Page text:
Citizen Science used to Map Community Air Quality
The air quality monitoring took place in several communities across London, including Putney and Highbury.
In an innovative approach to tackling air pollution, Mapping for Change has been supporting communities across London to measure and map local air quality. Using a ‘citizen science’ approach, local residents have been able to see the real results of their monitoring activity and have now embarked on a campaign to demand the seriousness of the issue be addressed.
Interested participants concerned about harmful levels of air pollution were recruited through the use of use of Twitter, local community festivals and seminars. Residents in Putney, south London, and Highbury in the north of the city took part in the study. A number of volunteers from Sustrans, a charity promoting sustainable transport, also participated. The aim was to provide communities with a way to measure air quality using low-technical methods that can be replicated across the country and can engage all sectors of the community to participate. In addition, communities want reliable localised data which they can use to lobby local government, raise awareness, generate a better understanding of the issues and with which they can compare with other relevant datasets.
The pilot comprised seven locations across London. Nitrogen dioxide (NO2) was selected as the focus primarily because of the affordability of the monitoring equipment. Levels of NO2, are largely from vehicle exhausts in London, and are also a strong indicator of the presence of other air pollutants derived from vehicle emissions. In each location, a series of diffusion tubes, used to measure NO2 levels, were set out across the area.The areas were divided up into grid squares to ensure there was sufficient coverage. Putney, with a total of thirty-eight sites, had the most monitoring locations. After a period of between three-to-four weeks the diffusion tubes were collected and analysed and the results mapped for each location.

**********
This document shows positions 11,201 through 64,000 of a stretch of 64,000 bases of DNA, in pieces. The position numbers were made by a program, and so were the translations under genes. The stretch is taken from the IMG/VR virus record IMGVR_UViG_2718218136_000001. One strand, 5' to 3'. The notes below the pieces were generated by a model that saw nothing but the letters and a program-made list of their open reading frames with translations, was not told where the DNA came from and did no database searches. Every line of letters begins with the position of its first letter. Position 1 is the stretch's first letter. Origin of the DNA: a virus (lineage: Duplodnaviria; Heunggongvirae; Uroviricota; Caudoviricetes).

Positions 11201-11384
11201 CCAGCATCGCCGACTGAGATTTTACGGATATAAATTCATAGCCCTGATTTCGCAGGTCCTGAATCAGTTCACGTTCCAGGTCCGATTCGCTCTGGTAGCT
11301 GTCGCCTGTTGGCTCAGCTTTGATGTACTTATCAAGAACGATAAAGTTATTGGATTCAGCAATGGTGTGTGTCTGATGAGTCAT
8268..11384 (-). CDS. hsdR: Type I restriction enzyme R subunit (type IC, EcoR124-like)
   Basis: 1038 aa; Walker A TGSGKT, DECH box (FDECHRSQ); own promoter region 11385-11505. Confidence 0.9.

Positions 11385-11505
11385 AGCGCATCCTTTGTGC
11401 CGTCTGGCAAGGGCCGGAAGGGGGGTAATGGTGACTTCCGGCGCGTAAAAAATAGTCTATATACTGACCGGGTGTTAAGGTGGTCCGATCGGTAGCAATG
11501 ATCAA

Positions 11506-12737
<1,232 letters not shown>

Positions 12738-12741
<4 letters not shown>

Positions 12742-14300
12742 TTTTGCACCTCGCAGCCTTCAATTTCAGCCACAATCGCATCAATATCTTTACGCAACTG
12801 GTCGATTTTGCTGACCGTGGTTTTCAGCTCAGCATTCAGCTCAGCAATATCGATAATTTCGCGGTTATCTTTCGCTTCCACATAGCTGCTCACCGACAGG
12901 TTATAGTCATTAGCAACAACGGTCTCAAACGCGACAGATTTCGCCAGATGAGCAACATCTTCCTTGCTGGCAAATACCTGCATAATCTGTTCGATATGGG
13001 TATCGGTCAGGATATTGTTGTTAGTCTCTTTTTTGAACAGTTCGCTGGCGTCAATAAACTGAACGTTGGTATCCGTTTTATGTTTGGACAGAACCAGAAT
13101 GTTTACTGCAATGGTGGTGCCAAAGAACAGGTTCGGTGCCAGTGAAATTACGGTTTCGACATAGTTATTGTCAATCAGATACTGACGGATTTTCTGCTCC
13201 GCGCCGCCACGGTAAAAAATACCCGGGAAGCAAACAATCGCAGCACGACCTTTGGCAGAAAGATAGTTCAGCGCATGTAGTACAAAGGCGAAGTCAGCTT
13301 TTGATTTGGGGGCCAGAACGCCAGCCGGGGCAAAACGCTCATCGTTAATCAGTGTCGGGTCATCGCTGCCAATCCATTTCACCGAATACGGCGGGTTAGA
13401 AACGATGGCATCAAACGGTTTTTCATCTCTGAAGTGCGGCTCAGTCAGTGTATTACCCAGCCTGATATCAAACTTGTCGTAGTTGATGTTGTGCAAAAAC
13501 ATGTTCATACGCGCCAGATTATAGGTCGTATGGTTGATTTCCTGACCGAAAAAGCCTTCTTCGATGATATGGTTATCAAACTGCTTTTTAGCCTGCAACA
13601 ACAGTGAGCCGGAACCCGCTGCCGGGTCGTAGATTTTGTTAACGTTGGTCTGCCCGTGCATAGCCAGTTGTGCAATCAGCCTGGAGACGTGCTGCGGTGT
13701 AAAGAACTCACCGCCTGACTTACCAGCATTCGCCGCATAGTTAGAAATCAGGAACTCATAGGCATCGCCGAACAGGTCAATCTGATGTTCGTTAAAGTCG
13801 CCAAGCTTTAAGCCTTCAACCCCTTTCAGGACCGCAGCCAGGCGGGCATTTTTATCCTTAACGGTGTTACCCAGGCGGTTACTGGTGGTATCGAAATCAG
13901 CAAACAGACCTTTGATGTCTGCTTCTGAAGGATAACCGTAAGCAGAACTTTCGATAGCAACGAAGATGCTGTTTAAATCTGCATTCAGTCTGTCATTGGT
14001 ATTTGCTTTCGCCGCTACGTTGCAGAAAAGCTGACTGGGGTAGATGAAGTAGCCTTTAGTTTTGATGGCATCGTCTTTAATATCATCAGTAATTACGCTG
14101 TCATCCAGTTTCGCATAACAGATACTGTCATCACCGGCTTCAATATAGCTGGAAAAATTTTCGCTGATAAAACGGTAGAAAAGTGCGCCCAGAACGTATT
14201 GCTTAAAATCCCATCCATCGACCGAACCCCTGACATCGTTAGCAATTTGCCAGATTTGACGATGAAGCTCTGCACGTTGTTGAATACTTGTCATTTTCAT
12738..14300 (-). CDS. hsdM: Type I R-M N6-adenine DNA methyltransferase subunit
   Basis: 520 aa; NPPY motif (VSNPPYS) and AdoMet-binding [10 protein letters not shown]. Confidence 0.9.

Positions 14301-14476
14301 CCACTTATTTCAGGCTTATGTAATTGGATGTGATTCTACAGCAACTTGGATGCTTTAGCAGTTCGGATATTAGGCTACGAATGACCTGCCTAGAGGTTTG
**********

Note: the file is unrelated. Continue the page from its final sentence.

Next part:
The results from both Putney and Highbury indicated that levels along the main road network were up to 75% above EU limits for the period. They also highlighted several residential back-roads used as ‘rat runs’. The remaining five monitoring locations across London each comprised of one of London’s Greenways (safe, quiet routes through parks, green spaces and lightly trafficked streets) with an adjacent busy road. The results showed significantly higher NO2 levels on the roads compared with the Greenways, despite their close proximity.
Part of the community engagement process involves feeding back the results to wider community.
The first was held in Highbury and was attended by over forty local residents, the Green Party London Mayoral candidate, the Local Authority and Clean Air London Director, Simon Birkett. Jenny Jones, the Mayoral candidate, said that the results were terrifying. She did say, however, that the turnout had brought her hope and she recognised that the issue was obviously important for local communities. A Public Protection Officer from the Local Authority who attended the meeting expressed her support for the study and highlighted the difficulties they have had in engaging the public in this discourse. She welcomed any move to raise awareness at the local level. The community was shocked to learn that even if they live in quiet back streets themselves, their children are still subject to dangerously high levels of pollution.
They came up with a list of measures which they and others in the community could adopt to reduce exposure to, and production of, harmful emissions. They also listed a number of suggestions to be put forward to the Mayor and Local Authority.
Engaging communities in these citizen science activities not only raises a greater understanding of the issues linked to air pollution, it encourages participation in civic and democratic processes, giving residents a confidence to call for change.
Mapping for Change is using its online interactive Community Mapping platform to display all of the results from the citizen science activities. We are also developing a toolkit that will enable communities across the UK to engage in air quality monitoring activities.